Comhdháil Náisiúnta na Gaeilge has now produced a short video explaining what you need to do, so please watch it and then follow the links below to the survey itself, both in English and Irish. It should take no more than 10 minutes to complete the questionnaire and anyone who speaks or identifies with the native Irish language and a native Irish identity, regardless of your own daily spoken language or where you come from, should please take a few short moments to fill it out.

The survey in English is here.

The survey in Irish is here.

Please support civil rights in Ireland and share this post with as many of your friends and contacts as you can.

Cosain Do Chearta Teanga! Protect Your Language Rights!

Fighting For The Truth

There is a letter in The Irish Times from a host of Irish civil rights campaigners, journalists, businesspeople, academics and student leaders protesting the decision by the Irish government to abolish the Office of An Coimisinéir Teanga (the Language Commissioner) through the amalgamation of his agency with that of the Ombudsman. Ostensibly made to meet budgetary restrictions imposed by the EU-IMF, the Minster in charge of implementing the decision has recently admitted that it may in fact cost more money to remove the Office of the Language Commissioner than will be saved.

“A chara,

We, as members of the Irish language community both within and outside of the Gaeltacht, expect that the Government will change its decision to merge the functions of the Language Commissioner with the Ombudsman Office in 2012 and are calling on the Government to make that change now rather than dragging out the process and further damaging the effectiveness of the office.

The language commissioner has been widely recognised as a highly efficient and dynamic commissioner who has been praised not only for his work in defending citizens’ rights but also for being a proactive advocate of best language practice. A recent example of this would be the highly attractive module on general language rights that his office recently developed for use in transition year at second level.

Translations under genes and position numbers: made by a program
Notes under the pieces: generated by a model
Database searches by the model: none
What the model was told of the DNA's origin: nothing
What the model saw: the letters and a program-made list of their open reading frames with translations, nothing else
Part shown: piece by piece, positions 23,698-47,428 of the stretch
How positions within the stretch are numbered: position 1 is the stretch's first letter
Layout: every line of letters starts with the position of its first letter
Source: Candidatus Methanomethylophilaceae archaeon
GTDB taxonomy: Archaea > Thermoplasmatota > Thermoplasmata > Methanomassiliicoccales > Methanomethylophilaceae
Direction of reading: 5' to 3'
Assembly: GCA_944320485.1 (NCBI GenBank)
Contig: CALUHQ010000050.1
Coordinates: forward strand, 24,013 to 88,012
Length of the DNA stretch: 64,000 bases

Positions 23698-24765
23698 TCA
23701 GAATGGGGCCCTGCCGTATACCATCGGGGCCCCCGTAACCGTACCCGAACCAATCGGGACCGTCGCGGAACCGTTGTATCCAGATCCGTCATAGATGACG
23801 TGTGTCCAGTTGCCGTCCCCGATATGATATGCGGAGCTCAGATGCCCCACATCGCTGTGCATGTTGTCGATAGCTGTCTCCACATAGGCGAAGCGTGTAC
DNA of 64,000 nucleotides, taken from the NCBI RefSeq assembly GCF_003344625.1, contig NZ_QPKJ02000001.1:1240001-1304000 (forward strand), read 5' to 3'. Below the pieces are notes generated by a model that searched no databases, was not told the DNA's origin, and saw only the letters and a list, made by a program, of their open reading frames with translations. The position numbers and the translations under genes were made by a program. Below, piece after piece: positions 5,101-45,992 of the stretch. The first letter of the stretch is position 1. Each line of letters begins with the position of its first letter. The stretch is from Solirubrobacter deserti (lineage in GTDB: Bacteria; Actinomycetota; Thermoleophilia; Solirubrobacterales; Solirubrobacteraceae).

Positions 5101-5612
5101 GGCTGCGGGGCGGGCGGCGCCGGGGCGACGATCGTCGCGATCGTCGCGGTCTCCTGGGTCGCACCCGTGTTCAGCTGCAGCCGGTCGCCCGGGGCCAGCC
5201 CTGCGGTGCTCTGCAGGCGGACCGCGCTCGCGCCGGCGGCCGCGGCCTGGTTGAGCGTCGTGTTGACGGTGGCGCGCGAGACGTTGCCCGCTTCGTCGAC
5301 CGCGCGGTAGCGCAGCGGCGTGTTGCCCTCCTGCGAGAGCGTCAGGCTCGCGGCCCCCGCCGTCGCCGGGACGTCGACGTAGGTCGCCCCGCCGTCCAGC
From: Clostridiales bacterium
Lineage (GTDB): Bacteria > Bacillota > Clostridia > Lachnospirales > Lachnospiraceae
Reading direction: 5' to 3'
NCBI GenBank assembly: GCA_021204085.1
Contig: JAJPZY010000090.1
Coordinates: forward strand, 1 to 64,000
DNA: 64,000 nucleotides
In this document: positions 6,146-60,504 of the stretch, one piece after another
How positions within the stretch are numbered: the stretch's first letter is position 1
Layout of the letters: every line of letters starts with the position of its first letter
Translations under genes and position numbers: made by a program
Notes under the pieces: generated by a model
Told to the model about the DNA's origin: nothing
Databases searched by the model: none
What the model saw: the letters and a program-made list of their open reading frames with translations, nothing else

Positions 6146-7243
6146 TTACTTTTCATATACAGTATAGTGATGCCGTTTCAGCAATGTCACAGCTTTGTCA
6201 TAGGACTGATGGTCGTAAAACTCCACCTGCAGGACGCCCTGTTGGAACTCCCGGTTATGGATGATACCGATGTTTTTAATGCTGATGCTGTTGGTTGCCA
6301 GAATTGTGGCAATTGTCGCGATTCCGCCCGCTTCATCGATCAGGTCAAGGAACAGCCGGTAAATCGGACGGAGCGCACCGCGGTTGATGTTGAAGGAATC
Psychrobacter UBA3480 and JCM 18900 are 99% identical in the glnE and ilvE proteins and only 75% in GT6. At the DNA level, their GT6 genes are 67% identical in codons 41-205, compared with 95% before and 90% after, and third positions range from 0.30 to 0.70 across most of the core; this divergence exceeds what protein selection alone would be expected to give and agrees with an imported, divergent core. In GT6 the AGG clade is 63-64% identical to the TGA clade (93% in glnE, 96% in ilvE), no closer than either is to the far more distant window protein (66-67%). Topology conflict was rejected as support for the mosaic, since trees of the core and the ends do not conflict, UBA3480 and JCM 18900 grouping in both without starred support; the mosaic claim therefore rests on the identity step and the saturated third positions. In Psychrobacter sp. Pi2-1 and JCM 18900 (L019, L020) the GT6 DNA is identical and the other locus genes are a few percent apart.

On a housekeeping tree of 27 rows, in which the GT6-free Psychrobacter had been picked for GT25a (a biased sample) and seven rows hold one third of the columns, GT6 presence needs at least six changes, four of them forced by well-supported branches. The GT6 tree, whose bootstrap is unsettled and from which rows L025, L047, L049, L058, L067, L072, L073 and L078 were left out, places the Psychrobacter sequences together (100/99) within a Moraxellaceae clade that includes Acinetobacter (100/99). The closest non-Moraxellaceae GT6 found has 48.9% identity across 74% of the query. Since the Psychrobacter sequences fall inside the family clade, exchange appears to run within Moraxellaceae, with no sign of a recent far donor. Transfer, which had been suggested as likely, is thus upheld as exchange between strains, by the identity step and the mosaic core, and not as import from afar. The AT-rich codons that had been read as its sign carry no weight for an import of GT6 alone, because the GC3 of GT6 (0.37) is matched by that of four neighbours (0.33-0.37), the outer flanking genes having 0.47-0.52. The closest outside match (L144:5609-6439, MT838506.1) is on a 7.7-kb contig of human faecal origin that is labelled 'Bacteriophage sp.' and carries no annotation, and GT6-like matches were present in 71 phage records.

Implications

We now know that the decision, as admitted by the Minister of State for the Gaeltacht in the Dáil on November 24th, could actually cost the state money. The decision also did not take in to account the fact that the current language commissioner has been reappointed until 2016 as an independent commissioner and therefore could open the State to the risk of legal action which could cost the State even more money. Indeed, An Bord Snip Nua when it looked at the office identified no efficiencies to be made and made no recommendation to alter the status of the office of the language commissioner as an independent office.

All political parties and the Irish language and Gaeltacht organisations have backed the 20-Year Strategy for the Irish Language 2012-2030. We acknowledge that funding will be a problem in the short term, but why undermine the strategy and the goodwill behind it with this decision that has been acknowledged as having no savings to make to the exchequer?

We believe that the Government should look at the economic arguments coupled with the wishes and the belief of the Irish language community both within and outside of the Gaeltacht that the office of the language commissioner should be supported, that it has our trust and that it has been a very effective service since been set up in 2004. Reversing their decision is therefore the logical and correct thing to do and should be done without delay.

Is muidne,

AODÁN Mac AN MHÍLIDH, Gaeilge Átha Luain; AOILEANN Nic DHONNACHA; BLÁTHNAID Ní GHRÉACHÁIN, Gaelscoileanna Teo; BREANDÁN Mac GEARAILT, Ball d’Údarás na Gaeltachta; CABRÍNÍ de BARRA, Comhlucht Forbartha na nDéise CAITLÍN NEACHTAIN, Bainisteoir, Comharchumann Dhúiche Sheoigheach; CAOIMHÍN Ó HEAGHRA, An Foras Pátrúnachta; CARMEL Nic EOCHAIDH, Spleodar; COLM Mac SÉALAIGH; CONCHUBHAIR Mac LOCHLAINN, Seachtain na Gaeilge; SEOSAIMH Ó CONCHUIR, Cumann Cearta Sibhialta Ghaeltacht Chorca Dhuibhne; ROIBEARD Ó HEARTÁIN PÁID Ó NEACHTAIN, Cumann na nOifigeach Forbartha Gaeilge (Earnáil Phoiblí); DONNCHA Ó hÉALLAITHE; DONNCHADH Ó hAODHA, Uachtarán Chonradh na Gaeilge; ÉAMONN Mac NIALLAIS, Guth na Gaeltachta; EITHNE O’DOHERTY, Craobh na gCeithre Chúirteanna; EOIN Ó RIAIN; FEARGAL Ó CUILINN, Comhluadar; GARY REDMOND, Uachtarán Aontas na Mac Léinn in Éirinn; GEARÓID Ó MURCHÚ, An Spailpín Fánach; JULIAN de SPÁINN, Aontas Phobal na Gaeilge; LIAM Ó MAOLAODHA, Oireachtas na Gaeilge; LORCÁN Mac GABHANN, Glór na nGael;MAEDHBH Ní DHÓNAILL, Ógras; MÁIRTÍN Ó MAOLMHUAIDH, Gaelphobal Cheantar an tSratha Báin; MÍCHEÁL de MÓRDHA, Uachtarán an Oireachtais 2010; NIALL COMER, Uachtarán, Comhaltas Uladh; PÁDRAIG Mac FHEARGHUSA, Fóram Gaeilge Chiarraí; PEADAR de BLÚIT, Aontas na Mac Léinn in Éirinn; ROBBIE CRONIN, an chéad ionadaí don Ghaeilge thar cheann an ASTI; RUTH Ní SHIADHAIL, Gaeilge Locha Riach SEÁN Ó MURCHADHA, Craobh Mhuineacháin Conradh na Gaeilge, c/o Sráid Fhearchair,

Baile Átha Cliath 2.”